Then she hit a snag: some of the K-cups worked in the machine, and some did not. She had purchased two types of reusable k-cups; neither type worked. About three minutes of internet sleuthing gave us the answer: Keurig 2.0 machines only work with Keurig brand k-cups. Instead of using their vast technological resources to build a machine that made a better cup of coffee, Keurig engineers installed a little sensor located right on the left of where the k-cup sits that can detect the foil ring around each official k-cup — and only then will the damn thing brew.

Are you freakin’ kidding me? DRM (digital rights management) in a flippin’ COFFEE MAKER? Welcome to America in the 21st century, folks — your damn coffee maker can pick and choose what coffee it’s going to brew, and it doesn’t matter that you’ve already handed the folks at Keurig an amount of money TEN TIMES what my French press cost, you’re going to have to keep shelling out money for their special k-cups forever and always if you want to use the machine.

Of course, you can hack the thing, something that took me about 5 minutes to accomplish. I cut one of the rings off of an “official” cup, taped it over the sensor, and had some bootleg coffee pouring in no time flat. And there are already third party k-cup makers who have supposedly managed to bypass the sensor in order to keep selling their own brand of cups. But the sheer fact that I had to break out the utility knife just to get my mother-in-law’s Keurig to make a cup of fresh-ground Caribou coffee makes me want to break stuff. And it still wasn’t as good as my French press.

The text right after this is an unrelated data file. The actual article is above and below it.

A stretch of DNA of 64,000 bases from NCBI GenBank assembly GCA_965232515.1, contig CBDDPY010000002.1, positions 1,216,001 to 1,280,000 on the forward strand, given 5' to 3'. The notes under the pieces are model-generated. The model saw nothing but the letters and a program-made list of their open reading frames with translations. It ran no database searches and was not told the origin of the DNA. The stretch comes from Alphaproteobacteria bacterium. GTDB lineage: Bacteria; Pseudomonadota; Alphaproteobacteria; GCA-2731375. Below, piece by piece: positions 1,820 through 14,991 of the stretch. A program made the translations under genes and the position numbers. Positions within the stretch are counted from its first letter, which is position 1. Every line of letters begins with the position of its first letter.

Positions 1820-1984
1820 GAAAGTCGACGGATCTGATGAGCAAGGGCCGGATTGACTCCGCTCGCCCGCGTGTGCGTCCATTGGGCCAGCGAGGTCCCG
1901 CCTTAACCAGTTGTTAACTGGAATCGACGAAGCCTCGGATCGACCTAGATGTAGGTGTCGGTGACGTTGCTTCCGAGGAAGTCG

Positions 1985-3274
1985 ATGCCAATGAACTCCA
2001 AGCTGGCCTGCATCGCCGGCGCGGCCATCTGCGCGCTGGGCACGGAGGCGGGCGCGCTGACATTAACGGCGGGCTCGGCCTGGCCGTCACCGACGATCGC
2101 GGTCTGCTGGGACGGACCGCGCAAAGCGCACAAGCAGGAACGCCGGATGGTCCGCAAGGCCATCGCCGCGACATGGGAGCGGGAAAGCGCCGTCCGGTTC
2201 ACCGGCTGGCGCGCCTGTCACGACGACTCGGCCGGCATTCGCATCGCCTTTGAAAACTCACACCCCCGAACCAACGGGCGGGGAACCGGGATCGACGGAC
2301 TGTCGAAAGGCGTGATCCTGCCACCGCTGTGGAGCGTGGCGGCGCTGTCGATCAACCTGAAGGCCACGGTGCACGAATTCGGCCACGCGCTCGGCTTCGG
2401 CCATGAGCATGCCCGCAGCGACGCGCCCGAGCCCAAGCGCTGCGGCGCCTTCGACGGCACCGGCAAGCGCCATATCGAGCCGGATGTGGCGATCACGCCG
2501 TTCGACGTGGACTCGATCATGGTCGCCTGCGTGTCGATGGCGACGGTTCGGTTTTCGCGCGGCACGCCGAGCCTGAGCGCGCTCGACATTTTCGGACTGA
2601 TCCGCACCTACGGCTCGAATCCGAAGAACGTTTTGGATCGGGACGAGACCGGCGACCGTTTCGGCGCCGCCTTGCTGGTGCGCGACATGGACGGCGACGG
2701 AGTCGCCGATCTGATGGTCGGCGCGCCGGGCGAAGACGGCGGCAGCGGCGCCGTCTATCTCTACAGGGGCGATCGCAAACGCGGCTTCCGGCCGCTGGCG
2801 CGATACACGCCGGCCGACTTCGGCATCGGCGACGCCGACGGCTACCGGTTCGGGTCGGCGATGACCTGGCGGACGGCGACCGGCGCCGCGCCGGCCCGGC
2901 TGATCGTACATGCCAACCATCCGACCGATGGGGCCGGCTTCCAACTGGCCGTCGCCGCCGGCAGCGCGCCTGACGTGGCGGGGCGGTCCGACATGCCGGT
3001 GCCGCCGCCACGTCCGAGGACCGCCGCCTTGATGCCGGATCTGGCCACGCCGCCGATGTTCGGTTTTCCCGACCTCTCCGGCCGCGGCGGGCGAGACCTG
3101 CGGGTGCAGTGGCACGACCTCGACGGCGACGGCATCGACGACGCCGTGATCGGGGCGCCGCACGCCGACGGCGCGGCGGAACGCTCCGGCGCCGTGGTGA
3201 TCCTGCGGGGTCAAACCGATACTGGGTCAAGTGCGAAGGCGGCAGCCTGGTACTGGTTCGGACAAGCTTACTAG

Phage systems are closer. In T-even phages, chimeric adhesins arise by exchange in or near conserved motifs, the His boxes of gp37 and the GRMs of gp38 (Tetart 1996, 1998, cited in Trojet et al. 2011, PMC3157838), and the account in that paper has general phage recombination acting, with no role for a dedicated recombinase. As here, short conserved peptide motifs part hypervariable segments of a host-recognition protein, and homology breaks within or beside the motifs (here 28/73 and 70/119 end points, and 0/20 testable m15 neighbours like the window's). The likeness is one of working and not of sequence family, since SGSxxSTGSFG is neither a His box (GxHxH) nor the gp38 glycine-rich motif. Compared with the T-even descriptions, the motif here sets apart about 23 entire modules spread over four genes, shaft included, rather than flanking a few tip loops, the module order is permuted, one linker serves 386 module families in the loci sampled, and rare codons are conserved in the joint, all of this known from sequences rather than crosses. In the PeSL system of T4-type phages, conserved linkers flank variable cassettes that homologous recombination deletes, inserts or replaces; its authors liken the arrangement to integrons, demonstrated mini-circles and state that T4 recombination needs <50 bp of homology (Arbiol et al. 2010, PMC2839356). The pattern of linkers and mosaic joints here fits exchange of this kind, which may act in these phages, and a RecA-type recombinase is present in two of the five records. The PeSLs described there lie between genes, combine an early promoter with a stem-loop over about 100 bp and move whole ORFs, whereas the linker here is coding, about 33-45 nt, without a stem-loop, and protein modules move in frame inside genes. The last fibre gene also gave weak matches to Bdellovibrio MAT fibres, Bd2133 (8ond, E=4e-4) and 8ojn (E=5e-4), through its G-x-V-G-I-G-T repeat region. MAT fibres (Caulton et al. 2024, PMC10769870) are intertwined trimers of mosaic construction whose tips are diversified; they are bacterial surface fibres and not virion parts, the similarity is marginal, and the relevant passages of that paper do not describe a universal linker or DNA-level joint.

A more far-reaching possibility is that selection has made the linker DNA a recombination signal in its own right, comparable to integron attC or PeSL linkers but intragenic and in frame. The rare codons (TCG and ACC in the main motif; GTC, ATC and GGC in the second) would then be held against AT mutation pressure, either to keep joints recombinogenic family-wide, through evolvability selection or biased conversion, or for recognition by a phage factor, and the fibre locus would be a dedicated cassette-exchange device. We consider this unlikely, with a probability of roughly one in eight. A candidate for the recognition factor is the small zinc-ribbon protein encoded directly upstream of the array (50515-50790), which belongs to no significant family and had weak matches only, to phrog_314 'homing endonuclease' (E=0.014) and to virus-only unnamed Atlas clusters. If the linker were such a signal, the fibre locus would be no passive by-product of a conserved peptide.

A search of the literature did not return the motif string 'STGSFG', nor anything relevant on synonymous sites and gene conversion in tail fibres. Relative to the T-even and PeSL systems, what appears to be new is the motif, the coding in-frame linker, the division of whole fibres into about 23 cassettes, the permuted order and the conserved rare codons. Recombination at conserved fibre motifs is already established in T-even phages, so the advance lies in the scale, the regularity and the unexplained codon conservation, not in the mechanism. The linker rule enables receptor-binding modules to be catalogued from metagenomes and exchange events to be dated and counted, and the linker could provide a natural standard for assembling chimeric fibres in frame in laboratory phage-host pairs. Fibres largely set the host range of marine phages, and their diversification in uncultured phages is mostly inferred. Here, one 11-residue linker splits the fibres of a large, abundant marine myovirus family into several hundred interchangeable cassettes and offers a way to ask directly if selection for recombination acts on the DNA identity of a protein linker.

The way I see it, this can only damage the Keurig brand. They’ve aggressively marketed the 2.0 with little to no mention that the machine will only brew approved pods. That’s not how you build trust in your brand. As for me, I’ll stick to the French press — or just buy this Bunn Multi-use coffee maker that uses pods (of any type), loose coffee, tea bags, or any number of other methods of getting a hot beverage in the cup. I know one thing for sure: my next coffee maker purchase won’t be a Keurig.

Final Seattle Round-up

zeitgeist

Zeitgeist Coffee